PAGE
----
It’s a collection of 10 scholarly essays written by international academics, including one by Holland. They examine how Dostoevsky’s novels explore the clashes between science, capitalism, materialism and technology with traditional cultural, religious and family values.
“I was particularly interested doing an edited volume, because that way, you can choose the scholars whose work most appeals,” Holland says. “It’s mostly quite young, emerging scholars. We didn’t want to go straight to the reigning monarchs of the field because there are a lot of exciting young scholars in Dostoevsky studies right now.”
Holland’s essay is about the dying art of slapping people in the face as a response to being insulted or offended – a common Dostoevskian literary gesture – and its subsequent invitation to a duel. She examines how old forms and codes of behaviour in Dostoevsky’s universe, such as slapping and bowing, were breaking down amid an evolving culture.
Holland wanted the essay collection to focus on Dostoevsky as a writer of modernity because she’s intrigued with how he tackled big questions about the future. He is regarded as one of the first European writers to raise concerns about science, technology and how the world was rapidly changing amid shifting political, social and spiritual atmospheres.
“Dostoevsky is one of the first 19th century Russian writers to struggle with what technology means,” Holland says. “For example, his novel The Idiot opens on a train. What does it mean to go from traveling in a horse and carriage to traveling by train? The train is a metaphor for what happens to Russian cultural and social life in this period.”
He also questioned the validity of new and emerging areas of science such as statistics.
“There was a view about statistics that if you had enough data, you’d be able to explain everything,” says Holland. “Dostoevsky was very dubious about different types of claims that science was making.”
Holland found it ironic that much of the book was created over the COVID-19 pandemic, a recent example of the world suddenly changing, paired with an acceleration of technology.
“There’s an appropriateness to it,” Holland says. “In Dostoevsky’s novels, there’s always a lot of fear about the future. Who could have guessed we would all be communicating via technology and that it would be the only way we’re able to conduct a conversation with friends and family?”
In addition to the book’s launch this summer, Holland and Bowers have organized several online events such as a roundtable discussion of Dostoevsky at 200 earlier this fall that attracted 80 students and scholars. It was part of a series of events to mark Dostoevsky’s bicentenary, co-hosted by the department of Slavic languages and literatures and the North American Dostoevsky Society and supported by a SSHRC Connection Grant.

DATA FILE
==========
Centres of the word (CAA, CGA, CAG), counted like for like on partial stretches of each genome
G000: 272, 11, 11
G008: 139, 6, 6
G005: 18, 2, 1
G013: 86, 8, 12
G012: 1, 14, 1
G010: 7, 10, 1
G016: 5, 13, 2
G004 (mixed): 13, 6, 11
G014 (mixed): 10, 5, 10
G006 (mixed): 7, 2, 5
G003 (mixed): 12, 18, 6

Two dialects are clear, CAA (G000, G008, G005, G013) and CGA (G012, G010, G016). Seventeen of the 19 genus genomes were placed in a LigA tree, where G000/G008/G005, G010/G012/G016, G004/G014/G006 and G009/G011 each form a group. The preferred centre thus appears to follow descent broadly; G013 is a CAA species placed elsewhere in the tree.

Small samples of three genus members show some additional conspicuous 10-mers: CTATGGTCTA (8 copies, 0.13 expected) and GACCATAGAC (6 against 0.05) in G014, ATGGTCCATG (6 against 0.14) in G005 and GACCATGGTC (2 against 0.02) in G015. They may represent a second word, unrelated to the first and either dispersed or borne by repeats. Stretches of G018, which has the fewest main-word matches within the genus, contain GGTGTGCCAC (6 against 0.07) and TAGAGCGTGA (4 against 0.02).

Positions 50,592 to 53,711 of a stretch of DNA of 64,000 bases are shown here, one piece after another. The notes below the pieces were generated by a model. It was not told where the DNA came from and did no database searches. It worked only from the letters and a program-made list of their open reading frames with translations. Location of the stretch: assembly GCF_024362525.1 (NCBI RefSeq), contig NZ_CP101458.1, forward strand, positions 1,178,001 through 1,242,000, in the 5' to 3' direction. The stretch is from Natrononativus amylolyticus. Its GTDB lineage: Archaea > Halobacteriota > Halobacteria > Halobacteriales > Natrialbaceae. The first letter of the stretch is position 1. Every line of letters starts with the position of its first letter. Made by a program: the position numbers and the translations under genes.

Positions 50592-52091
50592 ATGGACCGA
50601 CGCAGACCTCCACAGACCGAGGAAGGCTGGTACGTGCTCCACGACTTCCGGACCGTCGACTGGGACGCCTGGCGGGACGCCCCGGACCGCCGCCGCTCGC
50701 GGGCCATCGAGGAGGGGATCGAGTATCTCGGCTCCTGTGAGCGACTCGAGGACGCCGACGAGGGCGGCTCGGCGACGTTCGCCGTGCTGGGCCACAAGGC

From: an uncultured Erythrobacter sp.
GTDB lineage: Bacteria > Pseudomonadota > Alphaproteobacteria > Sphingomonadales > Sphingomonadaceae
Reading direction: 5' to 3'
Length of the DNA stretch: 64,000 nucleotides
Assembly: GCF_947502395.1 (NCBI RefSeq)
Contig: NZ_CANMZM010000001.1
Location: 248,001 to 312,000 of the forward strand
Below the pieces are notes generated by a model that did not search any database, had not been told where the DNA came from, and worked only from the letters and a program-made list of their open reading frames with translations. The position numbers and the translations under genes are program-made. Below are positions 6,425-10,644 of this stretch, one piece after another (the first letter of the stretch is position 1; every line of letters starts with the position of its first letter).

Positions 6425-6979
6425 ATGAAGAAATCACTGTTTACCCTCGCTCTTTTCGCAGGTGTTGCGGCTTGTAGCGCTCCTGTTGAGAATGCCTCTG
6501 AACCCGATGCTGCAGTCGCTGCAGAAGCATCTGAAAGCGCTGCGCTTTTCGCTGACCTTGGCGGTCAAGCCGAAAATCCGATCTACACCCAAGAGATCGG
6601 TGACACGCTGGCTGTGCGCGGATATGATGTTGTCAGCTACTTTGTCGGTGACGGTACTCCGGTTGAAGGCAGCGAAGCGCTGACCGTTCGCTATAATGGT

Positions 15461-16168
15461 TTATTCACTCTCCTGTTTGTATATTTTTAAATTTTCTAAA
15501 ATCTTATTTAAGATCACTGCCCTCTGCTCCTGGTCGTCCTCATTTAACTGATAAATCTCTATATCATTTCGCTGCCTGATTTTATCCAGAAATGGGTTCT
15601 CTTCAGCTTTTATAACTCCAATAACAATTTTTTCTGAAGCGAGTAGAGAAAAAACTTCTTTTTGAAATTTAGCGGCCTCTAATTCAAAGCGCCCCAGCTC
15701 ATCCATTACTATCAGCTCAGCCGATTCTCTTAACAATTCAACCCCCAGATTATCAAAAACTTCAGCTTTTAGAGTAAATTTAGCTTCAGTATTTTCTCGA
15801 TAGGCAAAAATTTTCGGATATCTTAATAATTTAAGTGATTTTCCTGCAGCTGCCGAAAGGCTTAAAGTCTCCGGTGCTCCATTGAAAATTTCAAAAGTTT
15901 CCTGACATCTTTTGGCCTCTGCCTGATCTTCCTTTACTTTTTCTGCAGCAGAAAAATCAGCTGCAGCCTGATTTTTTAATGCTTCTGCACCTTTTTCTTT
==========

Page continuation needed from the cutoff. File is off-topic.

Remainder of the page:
For Dostoevsky’s 200th birthday, a special online party is planned. “We’ve put out a call for creative projects – performances, videos, stories, poems inspired by Dostoevsky’s works. Other talks, panels and roundtables will take place later this year and in early 2022.
“In a way Dostoevsky would be horrified,” says Holland of these digital celebrations. “One of his criticisms of modernity was that it was atomizing – everybody would be divided into individuals and that one of the problems of modernity is the breakdown of old senses of community.
“But at the same time, his ideas about modernity are double-edged. He also dreams that out of that brokenness, out of that atomization, something better might be able to be achieved.”
In other words, Holland believes he might applaud the creation of online communities meeting on Zoom from around the world to celebrate his work.
With physical distancing easing, Holland is overjoyed to be teaching her students in person again, as there’s no substitute for witnessing Dostoevsky’s profound impact in the classroom.
“Dostoevsky was able to portray some of the questions teenagers have about themselves in the world,” Holland says.
“Students get into him so much. Some of his characters, like the protagonist from Notes from the Underground, is an extremely unappealing character. But he also gets under your skin in a way, especially if you’re 19 or 20. Students will tell me they’re so into his text.
“That’s why I feel it’s an extraordinary privilege to study and to teach Dostoevsky, and to be able to have this connection with students.”